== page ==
low-risk returns, Lightwater Partners' Fund
Managers Jerome Hass and Jimmy Chu look seaward. Bulk commodities like
metallurgical coal, they explain, offer greater stability because a small
number of major buyers determine pricing, while shipping logistics provide a
yardstick to determine a project's economics. In this exclusive interview
Hass and Chu talk about how international supply is
shifting and which junior stocks may experience a jump in a
Report: To get started, what differentiates Lightwater Partners from other hedge funds?
Canadian hedge funds tend to be high-risk/high-return strategies primarily
focused in the resource space. We focus on risk-adjusted returns, as opposed
to trying to hit homeruns with individual stocks. As a consequence, we
concentrate on the mid-cap space. That's our investment sweet spot, rather
than the small- or micro-cap names. And we have the in-house research
capability to explore names that are not well covered by the street.
What energy resources best fit your investment strategy?
Generally, we favor the bulk commodity producers. That's not limited to
metallurgical coal or thermal coal; we also look at iron ore, potash and any
other bulk commodities. We like bulk products because of the industry
structure. For example, with base metals, everyone is a price taker; no
single buyer has much price influence. With bulk commodities, major players
and global oligopolies have price influence.
does metallurgical or "met" coal fit into this desirable bulk
coal is an integral requirement for all steel mills that use blast furnaces.
It is baked to form coke, which fuels the blast furnaces. Arc steel mills use
recycled steel as fuel, but there's really no substitute for met coal in the
global space. Most met coal is open-pit mined; moving it is all about
logistics as the cost of shipping is a major factor.
"Junior players in the metallurgical coal
mining space are a relatively new development. They give more torque to the
industry." –Jerome Hass
the met coal space dominated by established energy companies, or is there
room for junior mining firms in that?
coal mining has been dominated by major producers and integrated steel
producers, including BHP Billiton Ltd. (BHP:NYSE;
BHPLF:OTCPK), Rio Tinto (RIO:NYSE; RIO:ASX), Xstrata Plc
(XTA:LSE) and Kumba Iron Ore Ltd. (KUMBA:JSE) in
Africa. We focus on coal that is not vertically integrated, which is
internationally exported or traded.
in this space are a relatively new development. They give more torque to the
industry. Juniors have much lower valuations and much higher growth profiles.
There are some junior met coal pure plays; in fact, there are very few listed
large-cap met coal plays globally. The one exception to that is Walter Energy Inc. (WLT:NYSE), which is listed in the U.S. and
is international supply and demand for met coal playing out?
story is China. Over the last 15 years, growth in met coal has been a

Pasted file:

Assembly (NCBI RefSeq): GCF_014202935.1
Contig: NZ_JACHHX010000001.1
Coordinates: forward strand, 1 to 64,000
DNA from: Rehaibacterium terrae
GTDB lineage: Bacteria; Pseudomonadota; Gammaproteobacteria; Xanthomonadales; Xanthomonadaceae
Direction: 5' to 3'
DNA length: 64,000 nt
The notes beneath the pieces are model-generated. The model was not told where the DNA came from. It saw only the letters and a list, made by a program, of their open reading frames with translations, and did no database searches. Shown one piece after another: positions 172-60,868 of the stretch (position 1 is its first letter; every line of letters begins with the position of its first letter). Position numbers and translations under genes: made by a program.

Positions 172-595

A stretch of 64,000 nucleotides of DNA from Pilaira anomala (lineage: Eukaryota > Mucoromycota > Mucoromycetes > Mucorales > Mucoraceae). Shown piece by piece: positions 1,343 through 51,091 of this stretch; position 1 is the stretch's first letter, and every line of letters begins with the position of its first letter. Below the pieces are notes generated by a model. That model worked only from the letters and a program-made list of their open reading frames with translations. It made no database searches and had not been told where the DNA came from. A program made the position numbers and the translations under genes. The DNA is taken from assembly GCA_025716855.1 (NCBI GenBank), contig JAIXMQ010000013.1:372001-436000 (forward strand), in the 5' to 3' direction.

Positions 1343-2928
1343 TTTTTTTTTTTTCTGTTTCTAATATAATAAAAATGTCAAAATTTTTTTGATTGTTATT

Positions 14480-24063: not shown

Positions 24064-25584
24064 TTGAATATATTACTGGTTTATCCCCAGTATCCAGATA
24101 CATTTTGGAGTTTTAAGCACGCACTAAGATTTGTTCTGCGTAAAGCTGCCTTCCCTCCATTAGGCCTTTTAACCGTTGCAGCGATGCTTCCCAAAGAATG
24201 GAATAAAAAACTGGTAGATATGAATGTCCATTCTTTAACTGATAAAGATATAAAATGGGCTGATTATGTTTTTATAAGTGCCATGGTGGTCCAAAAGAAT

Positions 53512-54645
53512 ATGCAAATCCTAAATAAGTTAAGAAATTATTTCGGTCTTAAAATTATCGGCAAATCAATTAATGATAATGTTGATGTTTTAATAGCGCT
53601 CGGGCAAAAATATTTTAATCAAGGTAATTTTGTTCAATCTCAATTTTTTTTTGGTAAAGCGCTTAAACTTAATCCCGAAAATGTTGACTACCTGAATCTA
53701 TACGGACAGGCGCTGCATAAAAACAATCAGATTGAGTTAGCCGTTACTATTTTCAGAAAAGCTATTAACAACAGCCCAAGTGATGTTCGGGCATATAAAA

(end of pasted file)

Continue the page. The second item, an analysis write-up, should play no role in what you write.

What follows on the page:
function of China's demand, which relates to China's growing importance, or
dominance, even, in the global steelmaking industry. Seaborne met coal and
iron ore were most in demand. Largely because of geographical proximity,
Australia has been China's major coal supplier. This has resulted in a
displacement of supply for Europe that Canadian producers can replace. India
is also increasingly aggressive in the steel space. Its demand for met coal
and iron ore continues to increase.
there a danger of an oversupply of met coal? If so, how would that affect
Jimmy Chu: I
don't think there's a danger of oversupply. Supplies have, at times, been
constrained by weather and labor issues out of Australia, and we've noticed
that some customers are asking companies for an advance on shipments. As for
demand, China is producing steel at an annual run rate much higher than what
the market anticipated a month ago. In the intermediate term, we don't see an
oversupply in met coal, and the demand side looks good. In the longer term,
it comes down to the big players, China and India. But we feel very bullish
on long-term demand for met coal.
reason we like the bulk commodities relates to industry discipline. Large
players with pricing influence can effectively manage the supply of met coal
to a degree that's not possible in base metals or in gold. The majors have
proven to be rational competitors and players in the marketplace.
Let's look at Potash Corp. (POT:TSX; POT:NYSE), which has
long exhibited price leadership in the industry. It has announced production
cuts in order to manage price. With a 100-year reserve life, it is the Saudi
Arabia of potash. If it wanted to restrict supply, it could push that price
up, as it did in 2008, but it has generally been a very rational market
that have followed suit with Potash Corp. are The Mosaic
Company (MOS:NYSE) and
Agrium Inc. (AGU:NYSE; AGU:TSX).
One of the reasons that potash is attractive is that there is effective
supply management. We think the same industry conditions exist in iron ore
and met coal.
What about met coal operations in Canada? Do you have interests there?
preferred play is a small cap called Cardero Resources Corp. (CDU:TSX; CDY:NYSE.A; CR5:FSE). We
like Cardero because it will send its coal into the
seaborne market—Asia, in particular. It holds the Carbon Creek Project
in the Peace River region in British Columbia, which is one of the last
remaining regional coal deposits not controlled by a major company and it has
an experienced management team. The president and co-founder, Michael Hunter,
was a co-founder of First Coal, which was sold to Xstrata Plc
for $147 million ($147M) despite permitting issues, which shouldn't affect
the Carbon Creek Project. That implies a value on Cardero's
shares of about CA$2.15. We do not see Cardero
encountering the same permitting issues as First Coal did.
River coal is attractive because it's very high quality. Steel mills
typically blend coal. Currently, Teck Resources Ltd. (TCK:NYSE; TCK.A:TSX) is the market
leader for coal in western Canada. Its met coal attracts a premium price.
Consequently, the Chinese and Japanese and other Asian buyers are excited
about the prospect of having another supplier in the market. I believe
someone will either sign an offtake agreement or a
joint venture deal with Cardero in the near future
because, as Jimmy mentioned, there are very few independents left in western
does the geology of Carbon Creek impact development and operation costs?
coal seams are wide and canoe shaped. The dips are very shallow, ranging from
0–15 degrees to a maximum of about 30 degrees. This beneficial
configuration reduces mining costs.
It's a relatively flat and slightly sloping ore body, but there is a caveat.
Walter Energy Inc. and Grande Cache Coal Corp. (now owned by Winsway Coking Coal Holdings Ltd. (01733:SEHK) and Marubeni Group) have both had